Old-School Radio Battles Advertiser Perception


Old-fashioned radio. (Photo: Getty)

Old-fashioned radio might do a good job selling advertising spots, but it is less successful when it comes to selling itself. Even when it comes to its own advertisers.

A new study commissioned by a team of broadcasters measured advertiser perception of streaming services and contrasted that with data from Nielsen and Edison. Apparently, even advertisers and agencies overestimate the popularity and reach of services like Spotify and Pandora—and underestimate that of the traditional AM/FM model.

“One of the big points that we are trying to make with this study is that this is not the fault of the advertiser or the agency,” Cumulus Media Chief Marketing Officer Pierre Bouvard told the Observer. “The blame for this perceptual gulf falls squarely on the shoulders of the radio industry.”

According to the study, which was conducted by Advertiser Perceptions, a media research firm, advertisers estimated that 64 percent of Americans are reached by old-fashioned radio, 27 percent reached by Pandora and 20 percent by Spotify. The study contrasts those advertiser perceptions with Nielsen’s quarterly report that said that over 90 percent of adults listen to AM/FM radio in a given week and Edison Research’s “Share of the Ear,” which puts Pandora’s daily reach at 16 percent and Spotify’s daily reach at 4 percent.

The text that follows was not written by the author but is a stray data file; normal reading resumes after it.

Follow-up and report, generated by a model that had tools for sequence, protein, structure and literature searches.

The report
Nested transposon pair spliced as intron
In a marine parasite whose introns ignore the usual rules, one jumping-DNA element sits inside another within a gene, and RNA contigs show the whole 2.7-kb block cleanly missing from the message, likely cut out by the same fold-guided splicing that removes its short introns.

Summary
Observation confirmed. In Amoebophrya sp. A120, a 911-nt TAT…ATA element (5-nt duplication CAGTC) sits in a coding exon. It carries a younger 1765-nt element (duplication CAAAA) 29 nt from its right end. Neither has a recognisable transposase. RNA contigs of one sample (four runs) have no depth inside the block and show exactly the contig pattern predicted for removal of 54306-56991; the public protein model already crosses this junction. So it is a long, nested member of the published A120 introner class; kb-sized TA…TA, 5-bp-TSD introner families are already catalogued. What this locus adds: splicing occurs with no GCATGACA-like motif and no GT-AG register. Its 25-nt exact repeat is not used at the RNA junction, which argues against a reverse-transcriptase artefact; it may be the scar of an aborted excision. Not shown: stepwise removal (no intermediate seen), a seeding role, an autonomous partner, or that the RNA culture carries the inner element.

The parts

“At one point, Cadillac had research that said it was seen as your grandfather’s car,” Mr. Bouvard said. “They started doing ads with Led Zeppelin. So then they were able to play to the perception. And we as an industry should do the same.”

Old-School Radio Battles Advertiser Perception